Rosemary Howell of Strategic Action looks at commercial mediation as an evolving area of law.
"Mediation has been clearly revealed as a work in progress. As the number of practising mediators has grown substantially, the field has become increasingly diverse."
Mediation academics and commentators present different views of mediation’s origin. For some, mediation had its beginnings with the ancient Greeks and their third-party interventions in conflict. For others, Professor Frank EA Sander’s paper, “Varieties of Dispute Processing” at the 1976 Pound Conference, was the catalyst for all modern dispute resolution thinking and practice. For this writer, the ideas coalesced when Andrew Acland wrote his influential text A Sudden Outbreak of Common Sense in 1990. With his elegantly presented, facilitative process, it seemed that common sense had indeed broken out.
Acland had been mediating since 1985, as assistant to Terry Waite (envoy to the Archbishop of Canterbury) and his facilitative mediation model was influential and persuasive in the training programmes developed in Australia. His definition of mediation as “assisted negotiation” remains durable and relevant in the face of significant evolutionary changes.
Here in Australia, the facilitative training model was universally adopted and remains the paradigm. International training programmes adopt the same approach, as professional colleagues confirm. Trainees completing their training programme expect to be embarking on a professional practice in which the mediator is the guardian of the process while the parties and their advisers take responsibility for the substantive outcome. In practice, things are very different.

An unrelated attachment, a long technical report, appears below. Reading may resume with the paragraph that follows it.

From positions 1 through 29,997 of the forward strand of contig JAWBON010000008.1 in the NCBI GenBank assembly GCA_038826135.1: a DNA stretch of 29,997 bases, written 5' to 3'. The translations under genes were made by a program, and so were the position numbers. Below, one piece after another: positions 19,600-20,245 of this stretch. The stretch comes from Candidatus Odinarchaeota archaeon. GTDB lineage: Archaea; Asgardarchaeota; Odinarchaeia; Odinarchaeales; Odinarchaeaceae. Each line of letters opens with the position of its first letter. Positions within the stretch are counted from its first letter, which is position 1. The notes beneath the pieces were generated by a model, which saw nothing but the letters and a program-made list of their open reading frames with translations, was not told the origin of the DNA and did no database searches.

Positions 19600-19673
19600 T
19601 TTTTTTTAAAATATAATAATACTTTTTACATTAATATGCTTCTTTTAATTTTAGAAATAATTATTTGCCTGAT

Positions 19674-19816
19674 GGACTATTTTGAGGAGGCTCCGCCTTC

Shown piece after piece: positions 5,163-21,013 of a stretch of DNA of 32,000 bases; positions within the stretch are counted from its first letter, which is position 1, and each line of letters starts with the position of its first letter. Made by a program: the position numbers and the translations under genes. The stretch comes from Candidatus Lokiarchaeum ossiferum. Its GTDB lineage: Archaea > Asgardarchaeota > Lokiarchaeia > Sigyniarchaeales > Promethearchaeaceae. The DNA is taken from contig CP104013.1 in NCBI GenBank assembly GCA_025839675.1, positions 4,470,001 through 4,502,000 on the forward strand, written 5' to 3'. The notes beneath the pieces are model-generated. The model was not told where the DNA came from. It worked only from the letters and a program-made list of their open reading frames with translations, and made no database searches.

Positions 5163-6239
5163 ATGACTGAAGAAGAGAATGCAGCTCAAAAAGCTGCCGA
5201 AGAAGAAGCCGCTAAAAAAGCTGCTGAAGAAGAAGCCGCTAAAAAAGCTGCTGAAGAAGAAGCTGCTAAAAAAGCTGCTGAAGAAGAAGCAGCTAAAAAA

Three important things have happened
The first is that mediation has been clearly revealed as a work in progress. As the number of practising mediators has grown substantially, the field has become increasingly diverse. Specialist mediators are commonplace and some jurisdictions, such as family law, regulate mediator training, qualifications and process. Academics and researchers observing how mediation is developing have updated their texts to identify a range of different mediation processes which have emerged as mediation has moved from its inception towards maturity. Many different forms have been identified and new forms continue to be discussed. At present it appears that three models are most commonly experienced: facilitative, evaluative and transformative. Current developments observed by this author suggest the growth of a fourth – settlement mediation – in which the mediator acts as the facilitator of a conventional settlement conference. This may not actually be a fourth model – it may simply be part of the changes occurring within evaluative mediation. Others, such as narrative mediation, continue to be discussed in literature but are not yet discernible in practice here.
These analyses all result from a need to observe and reflect on how the experience of mediation is changing and what the players in the field and their broader constituency need to do about it. In fact it may be unhelpful and inaccurate to focus on models when the reality is that mediators move in and out of different processes, even within a single mediation and there are enormous differences in mediator conduct arising from technical skills, training (and there are still many untrained mediators) and behavioural preferences. The thoughtful work of Professor Len Riskin and his various iterations of his famous “grid” analysis are a great example of how tortuous it has proved to map what mediators do and how they do it. The key point is that there is a clearly identifiable gap between what mediators are trained to do and, as a result of many factors, what mediators actually do.